1. What is shoulder instability?
Shoulder instability is when the ball of the shoulder joint repeatedly slips out of the socket or dislocates.
Shoulder instability can either be due to an acute episode or a long-standing issue. Anterior and posterior instability commonly occur as a result of trauma. This can be an acute episode or repeated trauma over time. Multidirectional instability is often an atraumatic injury and can be associated with general hypermobility.
Anterior instability: When the shoulder is unstable or dislocates out the front of the joint.
Posterior Instability: When the shoulder dislocates out the back of the joint.
Multidirectional instability: When the shoulder is unstable in various directions.
2. How does it present and why does is happen?
A patient usually describes the feeling of the shoulder ‘popping out’ when describing a dislocation or instability.
When a shoulder is unstable, it can fully dislocate or it can sublux. A full dislocation means that the ball is fully out of the socket. This may spontaneously relocate or require the intervention of a medical professional to relocate the shoulder in the joint. A subluxation of the joint occurs when the shoulder partially comes out of the joint and then relocates back into position.
Acute, first time dislocation usually results as a result of a traumatic incident. An anterior dislocation most often occurs in a ‘stop’ position. The arm is out to the side an external force pushing the arm back can cause the shoulder to pop out of the front. More subtle anterior instability can be due to repeated trauma. Often, this can involve repetitive movements such as throwing.
A posterior dislocation, when the ball slips out of the back of the socket, can commonly be caused by a fall onto the arm. Instability can be due to ligamentous laxity and repetitive movements involved in overhead throwing sports, swimming and weightlifting.
Multidirectional instability presents as the feeling of the shoulder being unstable in a variety of directions. This can often be associated with general joint laxity and/or repeated trauma such as participation in sports that require large amplitudes of movement.
3. Anatomy of shoulder instability.
The shoulder joint is made up of the glenoid fossa (the end of the shoulder blade) and the head of the humerus (the top of the arm bone). Although the shoulder is called a ‘ball and socket joint’, the socket covers less than one third of the head of the humerus. This is great for function and allows us to move the shoulder in a wide variety of directions; however, due to the lack of coverage, the shoulder joint is highly dependent on ligaments and muscular control to maintain stability. Therefore, if there is injury to the ligaments of the shoulder, this can easily lead to laxity of the joint. Similarly, if there is dysfunction and a lack of control of the muscles of the shoulder joint, this can mean that instability is much more likely to occur.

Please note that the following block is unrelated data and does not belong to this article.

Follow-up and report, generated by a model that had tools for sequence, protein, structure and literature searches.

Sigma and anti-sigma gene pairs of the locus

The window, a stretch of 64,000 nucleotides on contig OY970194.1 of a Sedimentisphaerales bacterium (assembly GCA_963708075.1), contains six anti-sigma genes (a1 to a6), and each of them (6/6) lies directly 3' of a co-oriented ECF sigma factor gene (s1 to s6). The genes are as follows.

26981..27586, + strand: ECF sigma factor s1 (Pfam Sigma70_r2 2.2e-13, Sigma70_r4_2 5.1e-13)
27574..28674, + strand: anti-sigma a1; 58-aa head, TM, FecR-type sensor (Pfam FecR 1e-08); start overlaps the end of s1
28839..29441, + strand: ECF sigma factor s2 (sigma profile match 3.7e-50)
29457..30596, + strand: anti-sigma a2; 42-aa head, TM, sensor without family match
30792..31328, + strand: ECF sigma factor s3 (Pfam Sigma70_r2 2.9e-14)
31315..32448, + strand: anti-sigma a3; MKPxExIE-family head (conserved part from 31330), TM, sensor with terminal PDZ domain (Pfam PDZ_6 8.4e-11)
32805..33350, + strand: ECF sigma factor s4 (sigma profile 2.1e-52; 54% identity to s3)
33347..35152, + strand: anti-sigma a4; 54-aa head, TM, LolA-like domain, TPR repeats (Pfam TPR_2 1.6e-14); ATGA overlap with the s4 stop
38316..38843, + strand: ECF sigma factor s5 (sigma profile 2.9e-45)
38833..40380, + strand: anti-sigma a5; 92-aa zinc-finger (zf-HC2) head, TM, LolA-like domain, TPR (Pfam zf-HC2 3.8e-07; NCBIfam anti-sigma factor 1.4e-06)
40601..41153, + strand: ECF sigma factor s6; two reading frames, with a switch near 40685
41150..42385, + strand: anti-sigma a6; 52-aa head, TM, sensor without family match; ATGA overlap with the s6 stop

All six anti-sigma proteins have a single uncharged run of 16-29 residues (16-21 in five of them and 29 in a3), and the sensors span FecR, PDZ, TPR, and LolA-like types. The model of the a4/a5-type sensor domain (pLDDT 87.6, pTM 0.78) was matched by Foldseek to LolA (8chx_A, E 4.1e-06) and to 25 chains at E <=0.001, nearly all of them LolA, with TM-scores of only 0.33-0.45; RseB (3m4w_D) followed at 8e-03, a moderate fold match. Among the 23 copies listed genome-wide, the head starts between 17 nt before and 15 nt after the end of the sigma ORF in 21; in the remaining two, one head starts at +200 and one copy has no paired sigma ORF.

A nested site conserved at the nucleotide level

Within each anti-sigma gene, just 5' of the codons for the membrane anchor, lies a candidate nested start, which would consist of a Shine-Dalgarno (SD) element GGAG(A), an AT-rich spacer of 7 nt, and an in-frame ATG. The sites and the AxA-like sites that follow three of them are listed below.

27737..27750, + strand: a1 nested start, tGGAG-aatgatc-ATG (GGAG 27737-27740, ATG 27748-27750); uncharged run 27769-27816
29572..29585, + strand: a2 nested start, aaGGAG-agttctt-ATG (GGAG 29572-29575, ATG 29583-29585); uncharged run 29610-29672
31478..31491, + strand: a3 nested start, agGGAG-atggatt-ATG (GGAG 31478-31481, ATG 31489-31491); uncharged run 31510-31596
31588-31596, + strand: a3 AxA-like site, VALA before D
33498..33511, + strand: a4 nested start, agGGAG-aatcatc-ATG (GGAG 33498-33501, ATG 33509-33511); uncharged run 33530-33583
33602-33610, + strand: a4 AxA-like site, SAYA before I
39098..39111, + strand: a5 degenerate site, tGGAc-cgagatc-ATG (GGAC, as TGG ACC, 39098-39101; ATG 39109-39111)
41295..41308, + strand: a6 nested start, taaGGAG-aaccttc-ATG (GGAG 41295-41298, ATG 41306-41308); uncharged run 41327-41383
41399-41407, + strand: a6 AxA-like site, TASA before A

4. How do we differentiate from other diagnoses?
A clinical examination should be undertaken to fully assess the range of motion and function of the shoulder. Strength testing will determine whether there is any weakness in the muscles of the shoulder. Special tests are included in the physical examination to test for instability and laxity of the shoulder joint.
5. Medical imaging options
After an acute episode, the shoulder is x-rayed to assess whether there is any bony damage to the ball or the socket and to out rule any major fractures. It is not uncommon for there to be some minor bony damage after an acute dislocation. A small compression fracture to the head of the humerus is called a ‘Hills Sachs Lesion’. Sometimes there can also be a small fracture of the socket or the shoulder called a ‘Bony Bankart Lesion’.
An MRI may also be included in the medical imaging to assess whether there is any damage to the ligaments, musculature and the cartilage or labrum of the shoulder.
6. How is it treated?
Treatment options may include surgical interventions and/or rehabilitation of the shoulder.
Treatment options are very much dependent on the type of instability and the age of the patient.
An acute, first time, anterior dislocation in people younger 30 years of age can often lead to a high rate of recurrent dislocations. For this reason, a surgical opinion is usually sought. Rehabilitation for shoulder strength and function should also be undertaken. In those older than 30years of age, the recurrent dislocations tend to be less, and the choice of whether to have surgery or not is decided on an individual basis.
More subtle subluxations or mild instability is often managed conservatively. This involves strengthening of the shoulder musculature as well as sport or job specific retraining to return to full function.
The risk of recurrence after an acute, first time, dislocation of the shoulder is much lower than that of an anterior dislocation. Again, the risk is increased in the younger population. For this reason, conservative rehabilitation is often trialled first. If this fails, then a surgical opinion is sought.
Multidirectional instability if often treated with conservative management. This involves retraining of the rotator cuff and other muscles of the shoulder, as well as retraining of the movement patterns of the scapula to improve shoulder strength and biomechanics.
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